Northern Ireland

What are the implications of Brexit for Northern Ireland?

A Union Jack flag flutters next to European Union flags Image copyright Reuters
Image caption Stormont and Dublin ministers are discussing Brexit in their North South Council and an early meeting of the East West British Irish Council has been promised

Our politicians are embroiled in discussions about the implications of Brexit on both sides of the Irish Sea, but so far not a lot of concrete ideas have emerged.

Both the SDLP and Sinn Fein have suggested creating an all Ireland national forum to consider the implications of Brexit.

On Saturday, Sinn Féin deputy leader Mary Lou McDonald said the Irish government had confirmed such a forum would be set up.

Maybe it would lead to something, but unionists would probably shy away and, at first glance, it looks like a talking shop.

Stormont and Dublin ministers are discussing Brexit in their North South Council and an early meeting of the East West British Irish Council has been promised. Neither of these spin-offs from the Good Friday Agreement have proved especially dynamic.

But if the UK does sever its EU links then their role could become much more important.

As Professor Brendan O'Leary recently pointed out in a lecture at Queen's University, the BIC already straddles islands like Jersey Guernsey and the Isle of Man which are not EU members.

The Remain camp will no doubt continue to press for Northern Ireland to retain its EU status.

However the opposition Nicola Sturgeon ran into in Brussels shows this is likely to prove an uphill struggle, assuming the next UK prime minister doesn't perform a U turn.

So how might what Irish Foreign Minister Charlie Flanagan described as the "unique circumstances" of the island of Ireland be recognised?

Both the Irish and British governments have already made it clear they want to preserve the free movement of goods and people - this will require some first class diplomacy if it is to amount to an Irish "opt-out" from barriers erected elsewhere.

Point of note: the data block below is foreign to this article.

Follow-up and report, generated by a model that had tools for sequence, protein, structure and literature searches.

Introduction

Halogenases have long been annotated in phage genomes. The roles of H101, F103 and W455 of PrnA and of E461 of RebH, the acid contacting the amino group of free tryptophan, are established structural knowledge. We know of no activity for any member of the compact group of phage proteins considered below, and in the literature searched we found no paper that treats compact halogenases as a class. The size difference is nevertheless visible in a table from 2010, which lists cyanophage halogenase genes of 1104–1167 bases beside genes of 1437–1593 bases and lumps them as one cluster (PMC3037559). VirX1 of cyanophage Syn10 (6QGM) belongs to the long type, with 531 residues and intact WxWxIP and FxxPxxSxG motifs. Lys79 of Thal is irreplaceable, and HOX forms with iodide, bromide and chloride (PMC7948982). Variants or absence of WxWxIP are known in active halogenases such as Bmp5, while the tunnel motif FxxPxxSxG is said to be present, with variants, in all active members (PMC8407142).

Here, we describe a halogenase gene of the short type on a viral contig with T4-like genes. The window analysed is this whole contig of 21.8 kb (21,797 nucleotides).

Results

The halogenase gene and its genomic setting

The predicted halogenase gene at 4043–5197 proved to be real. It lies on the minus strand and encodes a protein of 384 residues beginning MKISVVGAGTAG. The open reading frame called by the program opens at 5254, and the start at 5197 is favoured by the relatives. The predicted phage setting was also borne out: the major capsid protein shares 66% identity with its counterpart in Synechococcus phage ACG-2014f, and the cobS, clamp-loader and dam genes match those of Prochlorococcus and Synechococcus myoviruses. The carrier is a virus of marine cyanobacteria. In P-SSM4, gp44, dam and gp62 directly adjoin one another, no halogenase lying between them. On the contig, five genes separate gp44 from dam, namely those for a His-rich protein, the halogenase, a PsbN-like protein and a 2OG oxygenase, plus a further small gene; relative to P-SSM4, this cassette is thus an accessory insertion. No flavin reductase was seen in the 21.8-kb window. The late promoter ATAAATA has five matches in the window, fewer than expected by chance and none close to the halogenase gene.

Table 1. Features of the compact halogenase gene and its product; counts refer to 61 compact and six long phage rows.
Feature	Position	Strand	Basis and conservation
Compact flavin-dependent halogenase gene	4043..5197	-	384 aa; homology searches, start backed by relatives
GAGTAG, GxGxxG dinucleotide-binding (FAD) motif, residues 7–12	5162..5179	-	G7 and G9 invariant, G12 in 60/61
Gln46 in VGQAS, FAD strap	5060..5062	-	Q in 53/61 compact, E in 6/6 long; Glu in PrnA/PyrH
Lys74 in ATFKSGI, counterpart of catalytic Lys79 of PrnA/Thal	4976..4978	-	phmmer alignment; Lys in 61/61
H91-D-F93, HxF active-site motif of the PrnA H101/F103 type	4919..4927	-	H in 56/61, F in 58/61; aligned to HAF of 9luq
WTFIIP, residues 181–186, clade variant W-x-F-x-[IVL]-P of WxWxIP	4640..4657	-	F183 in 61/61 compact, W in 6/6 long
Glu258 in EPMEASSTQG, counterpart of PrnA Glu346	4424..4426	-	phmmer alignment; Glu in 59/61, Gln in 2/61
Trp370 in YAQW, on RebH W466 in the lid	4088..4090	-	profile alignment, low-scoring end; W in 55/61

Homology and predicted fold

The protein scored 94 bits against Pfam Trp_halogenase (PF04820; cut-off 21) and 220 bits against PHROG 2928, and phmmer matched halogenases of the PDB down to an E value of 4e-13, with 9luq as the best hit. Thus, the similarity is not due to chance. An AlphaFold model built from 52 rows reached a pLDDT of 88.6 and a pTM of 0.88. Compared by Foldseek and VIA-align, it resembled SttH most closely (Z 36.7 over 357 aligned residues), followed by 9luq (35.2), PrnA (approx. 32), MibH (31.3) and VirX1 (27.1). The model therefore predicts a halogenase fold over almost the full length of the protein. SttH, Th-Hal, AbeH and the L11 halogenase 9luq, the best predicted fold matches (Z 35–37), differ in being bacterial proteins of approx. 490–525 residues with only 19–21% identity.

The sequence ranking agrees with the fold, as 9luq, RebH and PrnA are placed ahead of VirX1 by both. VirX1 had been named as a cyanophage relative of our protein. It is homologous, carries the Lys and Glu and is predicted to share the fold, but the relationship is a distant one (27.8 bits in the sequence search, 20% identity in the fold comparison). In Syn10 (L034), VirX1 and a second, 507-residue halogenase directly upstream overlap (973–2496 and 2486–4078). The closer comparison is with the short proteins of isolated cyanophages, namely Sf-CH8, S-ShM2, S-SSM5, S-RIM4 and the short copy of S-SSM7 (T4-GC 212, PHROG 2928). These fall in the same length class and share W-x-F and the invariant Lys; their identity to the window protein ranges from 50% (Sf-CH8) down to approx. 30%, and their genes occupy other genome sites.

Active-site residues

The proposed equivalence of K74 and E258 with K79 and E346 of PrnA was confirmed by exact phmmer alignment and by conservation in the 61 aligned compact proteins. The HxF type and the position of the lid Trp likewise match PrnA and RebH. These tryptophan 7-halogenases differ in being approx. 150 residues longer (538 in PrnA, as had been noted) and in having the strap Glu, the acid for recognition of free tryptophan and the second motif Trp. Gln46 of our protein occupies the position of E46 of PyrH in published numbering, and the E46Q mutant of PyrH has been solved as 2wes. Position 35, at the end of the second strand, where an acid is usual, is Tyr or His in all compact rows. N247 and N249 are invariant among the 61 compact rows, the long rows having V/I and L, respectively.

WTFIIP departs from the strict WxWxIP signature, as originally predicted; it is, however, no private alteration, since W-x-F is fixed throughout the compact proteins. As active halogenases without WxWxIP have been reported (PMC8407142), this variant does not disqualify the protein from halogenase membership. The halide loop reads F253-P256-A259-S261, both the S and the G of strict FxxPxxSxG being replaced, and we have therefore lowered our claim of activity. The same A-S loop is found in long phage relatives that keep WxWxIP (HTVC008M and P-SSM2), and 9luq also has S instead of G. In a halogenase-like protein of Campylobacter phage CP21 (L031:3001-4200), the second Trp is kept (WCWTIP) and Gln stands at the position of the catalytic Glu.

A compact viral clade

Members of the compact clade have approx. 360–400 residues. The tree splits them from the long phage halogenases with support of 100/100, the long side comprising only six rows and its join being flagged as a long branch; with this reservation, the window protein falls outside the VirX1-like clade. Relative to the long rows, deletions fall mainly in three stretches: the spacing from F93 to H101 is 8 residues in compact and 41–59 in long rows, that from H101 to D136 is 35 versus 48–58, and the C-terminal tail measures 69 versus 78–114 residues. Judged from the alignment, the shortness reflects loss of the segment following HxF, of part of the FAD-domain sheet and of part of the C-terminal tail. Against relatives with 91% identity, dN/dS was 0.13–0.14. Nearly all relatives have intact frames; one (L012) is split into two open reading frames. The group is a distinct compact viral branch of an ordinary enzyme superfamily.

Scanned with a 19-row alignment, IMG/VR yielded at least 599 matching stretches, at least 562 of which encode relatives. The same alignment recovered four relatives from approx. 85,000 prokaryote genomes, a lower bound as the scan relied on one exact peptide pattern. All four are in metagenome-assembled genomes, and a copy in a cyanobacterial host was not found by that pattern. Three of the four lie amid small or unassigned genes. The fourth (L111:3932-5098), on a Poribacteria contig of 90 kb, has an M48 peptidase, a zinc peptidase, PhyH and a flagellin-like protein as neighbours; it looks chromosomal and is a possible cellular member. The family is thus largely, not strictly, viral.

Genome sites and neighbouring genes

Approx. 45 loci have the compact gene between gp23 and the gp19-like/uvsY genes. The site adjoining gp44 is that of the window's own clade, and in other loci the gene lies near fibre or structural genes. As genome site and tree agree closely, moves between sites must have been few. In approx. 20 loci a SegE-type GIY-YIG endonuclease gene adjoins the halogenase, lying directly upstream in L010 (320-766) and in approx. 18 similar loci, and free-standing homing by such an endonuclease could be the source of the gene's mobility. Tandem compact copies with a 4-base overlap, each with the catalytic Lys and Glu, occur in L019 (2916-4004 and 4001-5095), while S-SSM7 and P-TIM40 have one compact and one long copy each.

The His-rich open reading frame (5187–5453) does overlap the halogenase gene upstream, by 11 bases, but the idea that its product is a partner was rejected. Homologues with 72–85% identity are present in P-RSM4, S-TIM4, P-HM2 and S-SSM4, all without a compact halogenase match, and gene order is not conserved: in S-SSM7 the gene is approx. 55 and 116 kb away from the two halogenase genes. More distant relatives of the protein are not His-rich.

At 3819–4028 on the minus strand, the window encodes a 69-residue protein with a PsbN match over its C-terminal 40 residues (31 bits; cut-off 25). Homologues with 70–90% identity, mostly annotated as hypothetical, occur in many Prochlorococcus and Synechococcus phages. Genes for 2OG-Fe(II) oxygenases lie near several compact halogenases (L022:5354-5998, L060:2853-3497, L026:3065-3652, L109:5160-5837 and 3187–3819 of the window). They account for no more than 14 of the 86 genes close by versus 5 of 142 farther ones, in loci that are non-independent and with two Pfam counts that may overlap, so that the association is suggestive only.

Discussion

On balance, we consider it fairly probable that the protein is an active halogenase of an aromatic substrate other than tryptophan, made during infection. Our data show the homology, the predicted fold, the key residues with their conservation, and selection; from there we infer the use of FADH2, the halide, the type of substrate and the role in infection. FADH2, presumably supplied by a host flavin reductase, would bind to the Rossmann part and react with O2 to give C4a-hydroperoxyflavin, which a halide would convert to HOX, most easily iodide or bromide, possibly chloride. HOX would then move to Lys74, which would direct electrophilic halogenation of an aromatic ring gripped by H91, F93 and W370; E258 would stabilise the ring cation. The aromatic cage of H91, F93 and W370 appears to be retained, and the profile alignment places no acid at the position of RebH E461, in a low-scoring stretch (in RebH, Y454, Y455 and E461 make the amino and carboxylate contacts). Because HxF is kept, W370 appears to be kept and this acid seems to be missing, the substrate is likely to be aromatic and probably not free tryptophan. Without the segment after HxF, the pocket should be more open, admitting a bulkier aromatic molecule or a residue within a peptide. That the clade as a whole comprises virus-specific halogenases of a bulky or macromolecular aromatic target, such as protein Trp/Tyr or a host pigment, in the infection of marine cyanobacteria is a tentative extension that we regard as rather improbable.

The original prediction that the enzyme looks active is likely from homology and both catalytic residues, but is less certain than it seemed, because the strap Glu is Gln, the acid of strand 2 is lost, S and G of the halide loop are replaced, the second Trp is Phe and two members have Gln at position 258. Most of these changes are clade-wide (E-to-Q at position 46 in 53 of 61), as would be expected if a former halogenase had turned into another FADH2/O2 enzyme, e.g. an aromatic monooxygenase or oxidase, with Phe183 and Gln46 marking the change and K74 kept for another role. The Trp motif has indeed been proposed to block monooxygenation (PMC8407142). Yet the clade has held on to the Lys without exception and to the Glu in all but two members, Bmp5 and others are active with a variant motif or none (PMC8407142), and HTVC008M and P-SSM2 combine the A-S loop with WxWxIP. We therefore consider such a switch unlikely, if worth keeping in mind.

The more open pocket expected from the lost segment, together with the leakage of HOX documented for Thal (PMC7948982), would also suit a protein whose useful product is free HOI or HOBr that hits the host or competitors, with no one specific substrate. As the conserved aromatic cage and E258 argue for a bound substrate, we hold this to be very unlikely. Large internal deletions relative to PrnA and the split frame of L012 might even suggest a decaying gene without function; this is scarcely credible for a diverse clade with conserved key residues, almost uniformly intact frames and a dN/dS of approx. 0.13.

Image caption Outgoing Prime Minister David Cameron says a Brexit could mean new Irish border controls or "some sort of checks" as people left Belfast to go to the rest of the UK

On the ground, perhaps the remainers could turn to the old Europhile John Hume's dictum that "it's people that have rights not territory"?

Alongside all the various talking shops, might Dublin consider, for example, setting up an agency to liaise with Irish passport holders resident outside its borders?

That could ensure these EU citizens still have access to European programmes like the Erasmus educational exchanges or the Horizon 2020 research and innovation programme.

Whilst the DUP would no doubt oppose any initiative they believe might be aimed at watering down Northern Ireland's constitutional status within the UK, there seems agreement around the executive table about ensuring Northern Ireland gets a "good deal".

Stormont's leavers and remainers can at least make common cause by lobbying a future prime minister for extra cash funds to replace any European peace or cross border funding which local groups stand to lose.

The challenge in the months ahead will be to ensure the big picture divide between the parties over both the future of the EU and the UK doesn't paralyse the task of trying to alleviate the practical impact of Brexit on ordinary citizens.